A network of secret offshore deals and loans worth $2 billion reportedly leads to Russian president Vladimir Putin, according to an unprecedented leak of documents from a Panamanian law firm.
Eleven million documents from Mossack Fonseca - the world’s fourth biggest offshore law firm - are said to reveal how the firm helped clients launder money, avoid sanctions and dodge tax. They also reportedly show links to 72 current or former heads of state, including dictators accused of looting their own countries including Libya's former leader Muammar Gaddafi and Syria's president Bashar al-Assad.
The documents were obtained by the German newspaper Suddeutsche Zeitung and were shared with the International Consortium of Investigative Journalists (ICIJ). BBC Panorama and the Guardian are among 107 media organisations in 78 countries that have had access the documents.
The Guardian on Sunday revealed how the documents lay a trail to Putin and shine a light on the fortunes of his inner circle.
The BBC reported that the documents reveal a suspected billion-dollar money laundering ring that was run by Russian bank, Bank Rossiva, and involve close associates of Putin.
The papers are said to show for the first time how the bank - currently subject to US and EU sanctions following Russia's annexation of Crimea - operated.
Gerard Ryle, director of the ICIJ, has said the leaked documents cover the day-to-day business at Mossack Fonseca over the past 40 years.
"I think the leak will prove to be probably the biggest blow the offshore world has ever taken because of the extent of the documents."
According to reports, Mossack Fonseca has stated that it has operated beyond reproach for 40 years and has never been charged with criminal wrong-doing.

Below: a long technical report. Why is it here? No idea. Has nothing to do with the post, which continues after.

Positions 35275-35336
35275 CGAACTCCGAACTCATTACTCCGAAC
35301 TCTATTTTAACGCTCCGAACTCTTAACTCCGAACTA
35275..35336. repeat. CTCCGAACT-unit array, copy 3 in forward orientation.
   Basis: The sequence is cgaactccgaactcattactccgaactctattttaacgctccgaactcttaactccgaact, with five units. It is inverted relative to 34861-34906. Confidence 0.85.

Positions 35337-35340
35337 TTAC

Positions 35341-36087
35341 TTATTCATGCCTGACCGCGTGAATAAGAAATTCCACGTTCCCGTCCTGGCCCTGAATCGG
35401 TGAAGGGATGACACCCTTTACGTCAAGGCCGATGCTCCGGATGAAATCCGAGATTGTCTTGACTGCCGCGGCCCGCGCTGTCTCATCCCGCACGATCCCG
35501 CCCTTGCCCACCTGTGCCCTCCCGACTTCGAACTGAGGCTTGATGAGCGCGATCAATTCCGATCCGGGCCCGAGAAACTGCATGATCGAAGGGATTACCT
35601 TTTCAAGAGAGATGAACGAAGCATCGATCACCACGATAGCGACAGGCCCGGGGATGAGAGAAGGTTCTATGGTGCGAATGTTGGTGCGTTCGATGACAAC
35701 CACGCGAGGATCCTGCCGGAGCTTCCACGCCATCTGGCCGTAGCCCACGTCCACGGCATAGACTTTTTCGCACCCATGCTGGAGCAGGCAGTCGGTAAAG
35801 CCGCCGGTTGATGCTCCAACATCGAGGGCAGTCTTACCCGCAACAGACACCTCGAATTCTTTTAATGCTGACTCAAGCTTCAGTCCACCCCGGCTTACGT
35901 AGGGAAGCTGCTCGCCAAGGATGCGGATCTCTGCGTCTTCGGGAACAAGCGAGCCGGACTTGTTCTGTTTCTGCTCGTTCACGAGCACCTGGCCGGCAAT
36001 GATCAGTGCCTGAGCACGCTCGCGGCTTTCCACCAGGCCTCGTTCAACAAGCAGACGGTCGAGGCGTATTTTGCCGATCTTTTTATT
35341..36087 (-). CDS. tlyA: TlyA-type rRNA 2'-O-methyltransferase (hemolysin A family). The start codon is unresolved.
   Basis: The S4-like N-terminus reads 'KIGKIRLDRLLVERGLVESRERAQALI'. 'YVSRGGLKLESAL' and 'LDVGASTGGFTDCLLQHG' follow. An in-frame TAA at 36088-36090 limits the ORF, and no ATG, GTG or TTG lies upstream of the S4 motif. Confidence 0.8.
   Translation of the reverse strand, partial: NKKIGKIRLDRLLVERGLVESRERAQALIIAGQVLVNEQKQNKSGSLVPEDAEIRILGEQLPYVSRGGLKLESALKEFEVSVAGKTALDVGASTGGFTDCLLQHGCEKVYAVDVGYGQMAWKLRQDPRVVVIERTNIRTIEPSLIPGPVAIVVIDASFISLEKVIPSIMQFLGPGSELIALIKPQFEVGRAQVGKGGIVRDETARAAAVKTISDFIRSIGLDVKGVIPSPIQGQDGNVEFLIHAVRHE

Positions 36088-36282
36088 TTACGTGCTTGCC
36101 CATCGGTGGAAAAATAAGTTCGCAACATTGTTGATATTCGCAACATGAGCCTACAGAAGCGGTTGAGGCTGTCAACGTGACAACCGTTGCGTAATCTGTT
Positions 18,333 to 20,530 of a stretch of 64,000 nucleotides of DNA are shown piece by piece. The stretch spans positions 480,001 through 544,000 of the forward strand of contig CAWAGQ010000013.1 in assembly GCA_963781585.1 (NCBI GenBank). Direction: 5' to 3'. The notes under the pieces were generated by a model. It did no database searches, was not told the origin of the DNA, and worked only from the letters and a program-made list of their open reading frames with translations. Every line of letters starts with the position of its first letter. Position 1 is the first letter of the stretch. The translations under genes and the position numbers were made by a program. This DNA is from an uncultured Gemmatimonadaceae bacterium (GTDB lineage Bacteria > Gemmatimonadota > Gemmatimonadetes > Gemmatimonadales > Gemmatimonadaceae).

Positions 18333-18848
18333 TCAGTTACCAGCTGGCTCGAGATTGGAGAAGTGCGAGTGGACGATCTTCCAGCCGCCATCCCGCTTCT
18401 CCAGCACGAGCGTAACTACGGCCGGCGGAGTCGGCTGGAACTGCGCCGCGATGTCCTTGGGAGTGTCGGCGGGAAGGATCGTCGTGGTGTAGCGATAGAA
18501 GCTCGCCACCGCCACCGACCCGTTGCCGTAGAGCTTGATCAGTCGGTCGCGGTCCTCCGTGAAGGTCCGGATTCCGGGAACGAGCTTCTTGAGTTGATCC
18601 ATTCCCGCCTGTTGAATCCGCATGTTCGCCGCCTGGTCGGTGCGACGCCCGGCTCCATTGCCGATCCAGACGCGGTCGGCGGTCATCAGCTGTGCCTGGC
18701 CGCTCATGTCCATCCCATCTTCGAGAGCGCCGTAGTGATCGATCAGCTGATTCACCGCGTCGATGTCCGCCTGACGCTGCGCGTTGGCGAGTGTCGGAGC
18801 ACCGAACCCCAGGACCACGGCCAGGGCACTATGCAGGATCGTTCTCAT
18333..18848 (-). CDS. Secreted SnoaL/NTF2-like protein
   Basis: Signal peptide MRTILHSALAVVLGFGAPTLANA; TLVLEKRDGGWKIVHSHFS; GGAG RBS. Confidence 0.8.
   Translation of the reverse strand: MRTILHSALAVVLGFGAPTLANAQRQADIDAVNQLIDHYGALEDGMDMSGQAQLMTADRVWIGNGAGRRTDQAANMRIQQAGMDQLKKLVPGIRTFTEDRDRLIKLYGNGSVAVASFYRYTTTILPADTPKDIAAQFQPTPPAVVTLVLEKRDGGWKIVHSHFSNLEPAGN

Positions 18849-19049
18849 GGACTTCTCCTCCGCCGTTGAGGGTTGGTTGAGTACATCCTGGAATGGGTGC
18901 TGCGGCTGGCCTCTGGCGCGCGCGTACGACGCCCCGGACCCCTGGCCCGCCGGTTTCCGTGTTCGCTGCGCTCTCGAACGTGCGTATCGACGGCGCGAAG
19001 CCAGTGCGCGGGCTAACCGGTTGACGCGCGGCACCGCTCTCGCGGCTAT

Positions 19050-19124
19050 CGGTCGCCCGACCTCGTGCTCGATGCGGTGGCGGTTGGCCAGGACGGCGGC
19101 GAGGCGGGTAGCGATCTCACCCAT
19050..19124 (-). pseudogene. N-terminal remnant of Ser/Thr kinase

The Guardian said that although Putin's name does not appear in the leaked records, the documents reveal his friends have earned millions from deals that it further suggests could not have gone through without his involvement.
It further claimed that the documents suggest the president's family has benefited from this money – as his friends’ fortunes appeared his to spend.
The newspaper said the offshore trail started in Panama then passed through Russia, Switzerland and Cyprus. A private ski resort where Putin's youngest daughter, Karerina, got married in 2013, was also named, it said.
The leaked documents - labelled the Panama Papers - are said to put Sergei Roldugin, squarely in the spotlight. The concert cellist has known Putin since they were teenagers, and Roldugin is godfather to the president's daughter Maria.
On paper, the BBC reported, Roldugin has made hundreds of millions of dollars in profits from suspicious deals.
His company, documents reveal, state that: "The company is a corporate screen established principally to protect the identity and confidentiality of the ultimate beneficial owner of the company."
The Mossack Fonseca data is also said to show how Icelandic Prime Minister Sigmundur Gunnlaugsson had an undeclared interest in his country's bailed-out banks.
Gunnlaugsson and his wife, the BBC reported, bought offshore company Wintris in 2007. However, Gunnlaugsson did not declare an interest in the company when he entered parliament two years later in 2009. Eight months later, the broadcaster said, he sold his 50% stake of Wintris to his wife for $1 (70p).
Gunnlaugsson is now facing calls for his resignation, but claims he has not broken any rules.
The offshore company was used to invest millions of dollars of inherited money, according to a document signed by Gunnlaugsson's wife Anna Sigurlaug Pálsdóttir in 2015, the broadcaster reported.
Mossack Fonseca has reportedly said it has always complied with international protocols to ensure the companies they incorporate are not used for tax evasion, money-laundering, terrorist finance or other illicit purposes.
The company says it conducts thorough due diligence and regrets any misuse of its services.
The BBC quotes the law firm as saying: "For 40 years Mossack Fonseca has operated beyond reproach in our home country and in other jurisdictions where we have operations. Our firm has never been accused or charged in connection with criminal wrongdoing.
"If we detect suspicious activity or misconduct, we are quick to report it to the authorities. Similarly, when authorities approach us with evidence of possible misconduct, we always cooperate fully with them."